One thing that struck most forcefully while driving was how difficult it will be for BMW's engineers to install any sort of individual character into any future fuel cell-powered executive car. Electrically driven vehicles can all be remarkably similar in the way they drive, which is smoothly, quietly and briskly.

Should I buy one?

You can’t. BMW and Toyota say they hope to have the full components set for a mass-production-capable car ready by 2020. By then the hydrogen refuelling network should be more advanced, especially in countries such as Japan and Korea.

Germany is also working to install a hydrogen network along its most heavily used routes. You get the sense that BMW and Toyota expect the argument for hydrogen power to have become dominant by then, as hopes for battery vehicles fizzle out.

Batteries, say fuel cell enthusiasts, will always be expensive, have a limited lifespan and, crucially, suffer extended recharging times. There’s also an argument that batteries are not particularly environmentally friendly.

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A fuel cell stack should last around 5000 hours or 125,000 miles, while the hydrogen storage tank should last indefinitely. This concept is the best proof yet that hydrogen will win the alternative fuel race.

Read more:

BMW's hydrogen i8 research vehicle revealed

2015 BMW 2 Series Active Tourer eDrive review

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Einarbb 2 July 2015

I understand the attractions of fuel cell cars...

...but consider the share space needed for electric cars while they top up. But petrol or diesel cars need say 5 - 10 minutes. At best an electric car 30 - 40. That implies far more space is needed for electric cars - while they're stopped and are being topped up. If we imagine 2 million electric cars on the road. Imagine how busy Petrol/Diesel stations tend to be. Imagine a comparable space where electric cars come to top up. Assume from cost point of view - clearly they will ask money for charging. And that there will be services offered like today for your car. Clearly service stations would need to have 3-4 times the space than is occupied by them today. And space especially in cities costs real lot. So I'm not entirely surprised that city planners - like the idea that an electric car can be topped up in 5 - 10 minutes like internal combustion engined car. But that's what hydrogen fuel cell cars essentially are - electric cars. The fuel cell supplying power to the electric engine, instead of the car having a stack of batteries.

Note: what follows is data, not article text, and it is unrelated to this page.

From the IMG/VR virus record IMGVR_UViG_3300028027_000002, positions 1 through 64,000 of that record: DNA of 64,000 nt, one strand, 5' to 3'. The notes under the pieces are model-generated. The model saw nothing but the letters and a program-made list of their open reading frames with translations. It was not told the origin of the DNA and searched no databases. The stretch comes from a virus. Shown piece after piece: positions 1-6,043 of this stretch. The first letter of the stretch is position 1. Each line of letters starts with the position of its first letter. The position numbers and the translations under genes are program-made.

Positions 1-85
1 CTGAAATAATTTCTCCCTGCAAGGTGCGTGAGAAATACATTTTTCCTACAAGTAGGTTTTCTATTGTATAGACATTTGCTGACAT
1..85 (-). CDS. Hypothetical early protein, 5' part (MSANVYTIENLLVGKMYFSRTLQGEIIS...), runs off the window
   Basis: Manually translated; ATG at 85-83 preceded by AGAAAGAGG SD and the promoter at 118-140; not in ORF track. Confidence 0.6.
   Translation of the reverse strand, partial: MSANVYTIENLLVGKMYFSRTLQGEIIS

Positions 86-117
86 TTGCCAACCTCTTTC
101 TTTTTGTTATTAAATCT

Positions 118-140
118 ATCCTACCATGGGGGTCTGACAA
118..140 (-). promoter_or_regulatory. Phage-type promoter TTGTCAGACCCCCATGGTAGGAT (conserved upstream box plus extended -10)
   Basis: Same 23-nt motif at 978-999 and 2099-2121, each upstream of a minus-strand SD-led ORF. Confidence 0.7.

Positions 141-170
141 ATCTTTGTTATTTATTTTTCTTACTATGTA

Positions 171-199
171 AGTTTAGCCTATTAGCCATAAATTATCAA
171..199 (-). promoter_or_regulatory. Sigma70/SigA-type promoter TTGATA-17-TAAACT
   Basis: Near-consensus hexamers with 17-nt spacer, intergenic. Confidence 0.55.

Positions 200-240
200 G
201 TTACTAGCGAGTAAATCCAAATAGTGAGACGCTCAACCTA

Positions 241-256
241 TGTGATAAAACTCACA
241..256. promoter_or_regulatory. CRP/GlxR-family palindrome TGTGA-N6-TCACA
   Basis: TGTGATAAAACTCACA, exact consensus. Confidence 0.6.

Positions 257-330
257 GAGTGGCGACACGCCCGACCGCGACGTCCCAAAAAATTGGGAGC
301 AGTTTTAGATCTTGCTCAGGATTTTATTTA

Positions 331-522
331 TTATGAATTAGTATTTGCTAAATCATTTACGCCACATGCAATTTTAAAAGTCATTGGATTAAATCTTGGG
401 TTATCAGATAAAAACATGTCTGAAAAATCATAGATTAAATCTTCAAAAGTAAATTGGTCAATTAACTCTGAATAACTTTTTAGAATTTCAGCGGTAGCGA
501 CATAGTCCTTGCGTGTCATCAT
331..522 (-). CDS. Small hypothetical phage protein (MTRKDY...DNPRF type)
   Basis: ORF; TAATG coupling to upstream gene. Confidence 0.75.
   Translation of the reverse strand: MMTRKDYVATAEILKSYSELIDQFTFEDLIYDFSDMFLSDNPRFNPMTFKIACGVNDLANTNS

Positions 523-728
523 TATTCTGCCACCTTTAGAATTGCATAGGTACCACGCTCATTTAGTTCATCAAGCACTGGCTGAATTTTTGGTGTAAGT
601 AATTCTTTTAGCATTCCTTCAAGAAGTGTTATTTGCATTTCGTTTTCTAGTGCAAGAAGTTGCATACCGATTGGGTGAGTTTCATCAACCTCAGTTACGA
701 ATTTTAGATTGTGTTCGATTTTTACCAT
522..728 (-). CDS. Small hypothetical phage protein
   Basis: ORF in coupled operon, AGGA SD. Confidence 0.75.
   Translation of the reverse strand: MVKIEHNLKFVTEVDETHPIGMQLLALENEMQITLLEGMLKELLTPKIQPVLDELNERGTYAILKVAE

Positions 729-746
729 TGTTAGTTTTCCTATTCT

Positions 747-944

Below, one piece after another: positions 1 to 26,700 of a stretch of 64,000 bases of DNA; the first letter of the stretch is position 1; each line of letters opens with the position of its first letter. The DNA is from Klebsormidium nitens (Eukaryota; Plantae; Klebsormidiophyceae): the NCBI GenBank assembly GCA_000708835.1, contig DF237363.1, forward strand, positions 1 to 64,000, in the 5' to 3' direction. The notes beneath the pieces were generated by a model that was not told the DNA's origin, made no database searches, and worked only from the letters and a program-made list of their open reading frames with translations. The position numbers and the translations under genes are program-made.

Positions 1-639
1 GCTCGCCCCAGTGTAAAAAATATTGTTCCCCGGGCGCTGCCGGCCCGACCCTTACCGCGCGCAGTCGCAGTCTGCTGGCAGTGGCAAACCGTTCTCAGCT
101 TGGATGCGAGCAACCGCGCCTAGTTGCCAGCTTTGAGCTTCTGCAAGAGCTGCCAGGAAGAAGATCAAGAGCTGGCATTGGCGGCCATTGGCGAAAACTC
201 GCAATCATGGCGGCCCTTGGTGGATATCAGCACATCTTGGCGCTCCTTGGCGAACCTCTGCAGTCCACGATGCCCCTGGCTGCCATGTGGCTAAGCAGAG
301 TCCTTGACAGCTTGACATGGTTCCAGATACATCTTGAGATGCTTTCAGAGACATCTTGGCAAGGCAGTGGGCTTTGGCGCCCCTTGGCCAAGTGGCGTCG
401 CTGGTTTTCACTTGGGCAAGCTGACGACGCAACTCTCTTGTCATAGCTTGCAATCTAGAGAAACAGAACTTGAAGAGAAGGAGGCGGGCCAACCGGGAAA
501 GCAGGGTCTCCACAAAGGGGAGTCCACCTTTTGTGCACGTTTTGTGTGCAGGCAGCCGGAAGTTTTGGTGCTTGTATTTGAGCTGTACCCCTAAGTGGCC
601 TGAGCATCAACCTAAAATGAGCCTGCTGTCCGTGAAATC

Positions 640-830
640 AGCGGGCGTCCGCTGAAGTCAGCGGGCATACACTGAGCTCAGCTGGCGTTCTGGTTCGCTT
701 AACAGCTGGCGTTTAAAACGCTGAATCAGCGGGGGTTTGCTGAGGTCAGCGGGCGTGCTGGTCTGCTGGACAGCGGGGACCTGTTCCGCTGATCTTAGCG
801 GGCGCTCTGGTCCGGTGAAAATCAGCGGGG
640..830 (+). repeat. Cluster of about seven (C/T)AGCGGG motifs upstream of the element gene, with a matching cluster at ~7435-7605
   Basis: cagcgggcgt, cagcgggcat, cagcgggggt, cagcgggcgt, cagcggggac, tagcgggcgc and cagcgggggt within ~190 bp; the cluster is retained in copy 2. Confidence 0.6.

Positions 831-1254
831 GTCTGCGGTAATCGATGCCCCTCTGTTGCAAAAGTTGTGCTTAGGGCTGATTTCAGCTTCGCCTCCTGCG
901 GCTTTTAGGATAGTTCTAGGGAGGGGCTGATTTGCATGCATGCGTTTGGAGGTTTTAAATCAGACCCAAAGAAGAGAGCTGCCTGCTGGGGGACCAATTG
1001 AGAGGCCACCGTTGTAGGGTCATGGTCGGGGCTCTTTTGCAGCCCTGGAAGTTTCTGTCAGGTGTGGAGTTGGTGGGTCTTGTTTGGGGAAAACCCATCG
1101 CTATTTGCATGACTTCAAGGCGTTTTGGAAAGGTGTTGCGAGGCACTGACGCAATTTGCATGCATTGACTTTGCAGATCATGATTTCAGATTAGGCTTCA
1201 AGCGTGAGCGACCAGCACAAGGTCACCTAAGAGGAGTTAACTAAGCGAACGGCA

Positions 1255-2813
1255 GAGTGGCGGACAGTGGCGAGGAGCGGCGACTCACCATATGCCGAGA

topsecret456987 2 July 2015

As the North sea gas fields

As the North sea gas fields were discovered and plans to exploit this resource were made to deliver Natural Gas to the home, I can image the terror this concept created. Methane - to the home - an explosive chemical that will wipe out streets as it explodes in homes and escapes from the distribution pipes. OMG that gas network will cost billions and then we have to buy new fires/central heating systems. Whats wrong with Coal - it much cheaper and we only need to heat the rooms we use - and now we have to heat the whole house! Today the same fears paralaise us with the thought of migrating to Hydrogen, both for household and transportation needs. Yes there are things that must be done and investment made. We will all adapt and one day wonder what all the fuss is about.
xxxx 2 July 2015

bezer

Top tip - at night unplug your toaster and plug the car in. That way you pay the same price for the power. Do it after 12:00 on a timer and you'll get cheap rate, £0.02 a mile for a Leaf :- fact
xxxx 2 July 2015

bezer

Top tip - at night unplug your toaster and plug the car in. That way you pay the same price for the power. Do it after 12:00 on a timer and you'll get cheap rate, £0.02 a mile for a Leaf :- fact